Cover photo: Francesca Rausi
Just like any other parent, a parent of a child with Down’s Syndrome wants nothing more than to have understanding and supportive friends and family.
But sometimes people don’t know what to say when they find out your child has Down’s, and just end up blurting the first thing that comes to their mind.
Other times, they could have the wrong assumptions and be misguided in their entire idea of what it means to have a child with Down’s.
And instead of being supportive, their comments can come of as ignorant, condescending or just straight cringe-worthy.
So we’ve spoken to some Maltese parents of Down’s Syndrome as well as national organisations to find out what things people need to stop telling the parents of children with Down’s Syndrome.
1. “Wow you’re lucky, your child barely looks like he/she has Down’s Syndrome”
Saying that a child that has Down’s doesn’t look like a child that has Down’s can be offensive. It can come off as if you are trying to gloss over the fact that the child is what they are, and that the child is still “pretty” in spite of their extra chromosome.
It’s also good to realise that not all people with Down’s look the same.
Just skip the whole “barely looks like” bit and say “your child is beautiful” if that is how you really feel.
2. “You are so brave and strong, I could never do what you do, you’re a hero”
If said in an encouraging way, this could a sweet thing to tell someone, and it’s always good to express your admiration for someone.
But more often than not a parent will not want to hear something so sanctimonious, especially if said in a way that implies anything negative.
You’ll want to avoid putting parents on an pedestal. Parents of children with Down’s are regular parents in an irregular situation, and they deal with many of the same things that other parents deal with.
If you want to show your admiration and respect to a parent of a child with Down’s, just treat them with the respect you would any other parent.
3. “A child with Down’s is a special gift from God”
This is a triple whammy. Not only does it imply that the parents are ‘special’ parents in God’s eyes to to receive a child with Down’s, but it implies that the child is also a unique burden that the parents are destined to carry.
It also implies that all other children are not as special, and could be very offensive if said to a parent who has a child with Down’s and other children without Down’s.
More than anything, it continues the idea that a child with Down’s is different. All children are gifts from God, and putting children with Down’s on a pedestal will only separate them further.
4. “No wonder the child is always happy, he must never get sad or angry”
This just comes from a basic misunderstanding of what Down’s is.
There’s a stereotype that people with Down’s are just generally happier in general, and very rarely, if ever, gets angry or sad.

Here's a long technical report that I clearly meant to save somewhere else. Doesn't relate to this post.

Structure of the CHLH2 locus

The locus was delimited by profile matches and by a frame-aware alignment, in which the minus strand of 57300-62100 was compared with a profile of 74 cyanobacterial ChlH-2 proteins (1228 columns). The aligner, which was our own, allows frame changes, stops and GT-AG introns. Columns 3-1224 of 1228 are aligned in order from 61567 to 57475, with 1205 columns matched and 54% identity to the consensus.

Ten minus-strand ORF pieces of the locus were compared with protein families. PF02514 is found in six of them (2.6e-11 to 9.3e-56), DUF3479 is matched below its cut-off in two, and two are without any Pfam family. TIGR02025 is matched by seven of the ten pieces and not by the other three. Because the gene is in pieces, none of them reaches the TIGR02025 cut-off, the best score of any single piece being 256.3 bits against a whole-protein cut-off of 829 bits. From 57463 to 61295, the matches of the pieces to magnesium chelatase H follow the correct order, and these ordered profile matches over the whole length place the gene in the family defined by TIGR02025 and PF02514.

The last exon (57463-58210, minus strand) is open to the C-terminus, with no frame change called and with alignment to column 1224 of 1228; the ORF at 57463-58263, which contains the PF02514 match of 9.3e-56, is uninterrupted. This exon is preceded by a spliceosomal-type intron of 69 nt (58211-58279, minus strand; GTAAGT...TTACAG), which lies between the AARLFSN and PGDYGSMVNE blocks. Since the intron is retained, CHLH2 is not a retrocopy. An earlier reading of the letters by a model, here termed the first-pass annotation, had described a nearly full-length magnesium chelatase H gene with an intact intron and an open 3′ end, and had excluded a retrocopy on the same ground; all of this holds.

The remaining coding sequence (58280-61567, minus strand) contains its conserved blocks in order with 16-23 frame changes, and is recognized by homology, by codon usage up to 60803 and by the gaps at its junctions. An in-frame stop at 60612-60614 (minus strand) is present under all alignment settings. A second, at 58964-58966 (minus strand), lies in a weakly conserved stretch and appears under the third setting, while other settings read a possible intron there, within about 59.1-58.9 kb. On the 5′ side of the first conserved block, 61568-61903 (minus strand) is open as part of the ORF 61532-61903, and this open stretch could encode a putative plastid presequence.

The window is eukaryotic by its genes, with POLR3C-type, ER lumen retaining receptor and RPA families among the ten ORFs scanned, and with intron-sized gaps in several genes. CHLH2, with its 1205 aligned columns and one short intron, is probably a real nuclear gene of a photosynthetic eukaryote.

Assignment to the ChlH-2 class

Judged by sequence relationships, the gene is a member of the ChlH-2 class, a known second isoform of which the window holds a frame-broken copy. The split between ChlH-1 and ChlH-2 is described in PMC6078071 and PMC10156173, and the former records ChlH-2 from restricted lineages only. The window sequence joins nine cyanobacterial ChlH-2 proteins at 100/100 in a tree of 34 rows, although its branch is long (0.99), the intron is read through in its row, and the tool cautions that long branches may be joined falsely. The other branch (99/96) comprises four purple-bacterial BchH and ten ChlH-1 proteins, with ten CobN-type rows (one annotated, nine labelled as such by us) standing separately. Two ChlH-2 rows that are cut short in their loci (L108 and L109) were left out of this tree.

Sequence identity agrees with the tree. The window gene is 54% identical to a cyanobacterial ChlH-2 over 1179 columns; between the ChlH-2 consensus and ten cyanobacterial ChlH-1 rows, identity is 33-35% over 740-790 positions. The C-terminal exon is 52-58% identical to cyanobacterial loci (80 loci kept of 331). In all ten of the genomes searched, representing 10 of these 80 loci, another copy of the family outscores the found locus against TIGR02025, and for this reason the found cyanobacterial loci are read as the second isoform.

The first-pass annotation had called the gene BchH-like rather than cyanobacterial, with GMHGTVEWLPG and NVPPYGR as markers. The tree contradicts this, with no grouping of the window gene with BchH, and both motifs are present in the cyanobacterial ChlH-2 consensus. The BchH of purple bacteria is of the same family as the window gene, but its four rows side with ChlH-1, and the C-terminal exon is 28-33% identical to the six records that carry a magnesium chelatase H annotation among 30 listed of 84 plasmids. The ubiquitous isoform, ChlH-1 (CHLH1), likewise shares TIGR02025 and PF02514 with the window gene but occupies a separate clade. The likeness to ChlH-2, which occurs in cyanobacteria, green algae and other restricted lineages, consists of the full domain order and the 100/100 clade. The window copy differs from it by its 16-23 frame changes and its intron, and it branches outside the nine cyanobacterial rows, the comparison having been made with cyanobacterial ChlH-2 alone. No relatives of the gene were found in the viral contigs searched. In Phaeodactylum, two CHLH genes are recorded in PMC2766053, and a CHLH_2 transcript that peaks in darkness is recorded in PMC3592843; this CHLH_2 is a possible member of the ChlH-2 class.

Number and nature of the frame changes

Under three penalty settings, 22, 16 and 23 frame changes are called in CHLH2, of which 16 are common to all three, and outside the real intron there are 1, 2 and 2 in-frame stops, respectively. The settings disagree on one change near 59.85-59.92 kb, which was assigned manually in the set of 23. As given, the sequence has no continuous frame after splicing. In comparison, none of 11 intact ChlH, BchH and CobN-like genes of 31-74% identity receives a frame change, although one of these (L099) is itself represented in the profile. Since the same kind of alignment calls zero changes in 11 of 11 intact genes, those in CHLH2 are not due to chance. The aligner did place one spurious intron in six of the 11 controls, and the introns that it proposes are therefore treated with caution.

This is far from the truth. Parents of children with Down’s will be the first to tell you that their children can throw an effective tantrum just like any other child.
They are still human beings with have the same range of emotions just like anyone else.
5. “It’ll be like having a little child forever, even when they grow up”
The idea of ‘the eternal child’ has been problematic for decades now.
Treating adults with Down’s Syndrome as a childlike entity, as someone with fewer rights and who needs to be taken care of, is condescending to everyone involved.
Adults with Down’s are not just kids stuck in the bodies of adults. They do everything that anyone else does, from having dreams and life experiences and falling in love or getting hurt.
And just like everyone else for the most part, they strive to be independent as well.
6. “I’m so sorry”
One of the most common and worst things you can tell a parent of a child with Down’s, especially a pregnant mother or a mother of a newborn.
Instead of saying “congratulations”, they say “I’m sorry to hear that”.
People might say this because their mind goes blank and they are caught off-guard, but it makes it clear that you think that having a child with Down’s is a negative thing, which it is not.
A child with Down’s syndrome has it due to having an extra chromosome. It is literally in their DNA.
So telling someone you are sorry that the child has Down’s is pretty much saying you are sorry the child exists.
Don’t do it. The parents are not apologetic for their child, and you shouldn’t be either.
7. “If only abortion was legal in Malta”
If you say this, you are assuming a parent doesn’t want to have a child with Down’s syndrome.
Being condescending and ignorant to a parents life choices is not going to be useful if you are trying to make a good impression.
One needs to remember that as soon as the parents find out their child has Down’s they will be receiving pressure from many people to go abroad and get an abortion.
The last thing they need is you adding more pressure to do something they don’t want to do.